monstrum

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Latin[edit]

Etymology[edit]

PIE root
*men-

From moneō ‎(advise, warn).

Pronunciation[edit]

Noun[edit]

mōnstrum n ‎(genitive mōnstrī); second declension

  1. an evil omen
  2. a monster, monstrosity
  3. (by extension) a thing that evokes fear and wonder

Inflection[edit]

Second declension.

Case Singular Plural
nominative mōnstrum mōnstra
genitive mōnstrī mōnstrōrum
dative mōnstrō mōnstrīs
accusative mōnstrum mōnstra
ablative mōnstrō mōnstrīs
vocative mōnstrum mōnstra

Related terms[edit]

Descendants[edit]

References[edit]

  • monstrum” in Charlton T. Lewis & Charles Short, A Latin Dictionary, Oxford: Clarendon Press, 1879.
  • monstrum” in Félix Gaffiot (1934), Dictionnaire Illustré Latin-Français, Paris: Hachette.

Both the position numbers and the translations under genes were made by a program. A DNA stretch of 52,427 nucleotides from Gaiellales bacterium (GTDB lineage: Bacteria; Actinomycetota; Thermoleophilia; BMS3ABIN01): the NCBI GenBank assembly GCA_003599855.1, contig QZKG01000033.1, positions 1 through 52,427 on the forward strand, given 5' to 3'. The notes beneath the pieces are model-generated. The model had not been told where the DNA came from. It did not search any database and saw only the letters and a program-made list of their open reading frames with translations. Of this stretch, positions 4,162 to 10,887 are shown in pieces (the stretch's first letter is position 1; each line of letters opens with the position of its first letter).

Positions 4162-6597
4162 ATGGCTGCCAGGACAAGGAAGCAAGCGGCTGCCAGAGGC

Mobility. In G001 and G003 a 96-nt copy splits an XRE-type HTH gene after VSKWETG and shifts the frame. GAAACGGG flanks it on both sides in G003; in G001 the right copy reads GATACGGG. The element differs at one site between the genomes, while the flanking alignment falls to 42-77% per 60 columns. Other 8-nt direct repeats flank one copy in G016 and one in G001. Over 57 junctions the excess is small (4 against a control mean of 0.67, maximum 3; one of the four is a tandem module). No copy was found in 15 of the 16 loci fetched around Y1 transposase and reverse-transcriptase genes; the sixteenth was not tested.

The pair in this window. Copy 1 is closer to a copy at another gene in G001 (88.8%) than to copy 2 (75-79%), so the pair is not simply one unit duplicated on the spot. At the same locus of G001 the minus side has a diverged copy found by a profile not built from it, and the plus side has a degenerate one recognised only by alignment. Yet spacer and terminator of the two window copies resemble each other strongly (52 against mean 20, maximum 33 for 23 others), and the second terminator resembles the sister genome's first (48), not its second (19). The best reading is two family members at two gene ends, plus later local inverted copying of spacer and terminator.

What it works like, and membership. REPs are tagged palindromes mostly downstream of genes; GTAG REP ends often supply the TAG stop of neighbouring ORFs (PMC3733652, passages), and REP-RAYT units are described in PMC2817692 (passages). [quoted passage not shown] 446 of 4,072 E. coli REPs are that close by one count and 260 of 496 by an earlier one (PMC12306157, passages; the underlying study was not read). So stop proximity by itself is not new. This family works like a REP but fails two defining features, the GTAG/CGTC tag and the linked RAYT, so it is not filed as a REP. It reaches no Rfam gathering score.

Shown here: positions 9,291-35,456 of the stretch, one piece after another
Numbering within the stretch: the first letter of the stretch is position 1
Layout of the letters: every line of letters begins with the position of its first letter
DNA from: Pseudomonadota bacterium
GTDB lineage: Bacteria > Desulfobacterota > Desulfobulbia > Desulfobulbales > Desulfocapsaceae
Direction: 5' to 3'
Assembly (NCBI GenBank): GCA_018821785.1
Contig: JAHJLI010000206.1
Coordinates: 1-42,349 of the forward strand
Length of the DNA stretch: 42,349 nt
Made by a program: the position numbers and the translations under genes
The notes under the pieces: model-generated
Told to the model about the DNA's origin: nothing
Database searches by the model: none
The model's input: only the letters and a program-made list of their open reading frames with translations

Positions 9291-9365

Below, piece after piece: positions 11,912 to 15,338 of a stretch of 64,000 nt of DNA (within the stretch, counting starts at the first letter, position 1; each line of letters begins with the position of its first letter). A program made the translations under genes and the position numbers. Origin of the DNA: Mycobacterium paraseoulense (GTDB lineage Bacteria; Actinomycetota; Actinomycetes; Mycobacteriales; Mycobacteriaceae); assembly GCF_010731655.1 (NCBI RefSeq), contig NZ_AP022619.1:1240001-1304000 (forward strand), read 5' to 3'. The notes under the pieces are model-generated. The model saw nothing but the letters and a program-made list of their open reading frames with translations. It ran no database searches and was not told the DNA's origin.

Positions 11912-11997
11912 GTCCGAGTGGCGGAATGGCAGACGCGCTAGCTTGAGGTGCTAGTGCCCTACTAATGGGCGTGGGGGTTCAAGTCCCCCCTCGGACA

• Meissner, Carl; Auden, Henry William (1894) Latin Phrase-Book[1], London: Macmillan and Co.
    • (ambiguous) extravagant fictions of fancy: opinionum commenta, ineptiae, monstra, portenta
    • (ambiguous) marvellous ideas; prodigies: monstra or portenta
    • (ambiguous) it is incredible: monstra dicis, narras

Serbo-Croatian[edit]

Pronunciation[edit]

  • IPA(key): /mǒnstrum/
  • Hyphenation: mon‧strum

Noun[edit]

mònstrum m ‎(Cyrillic spelling мо̀нструм)

  1. monster

Declension[edit]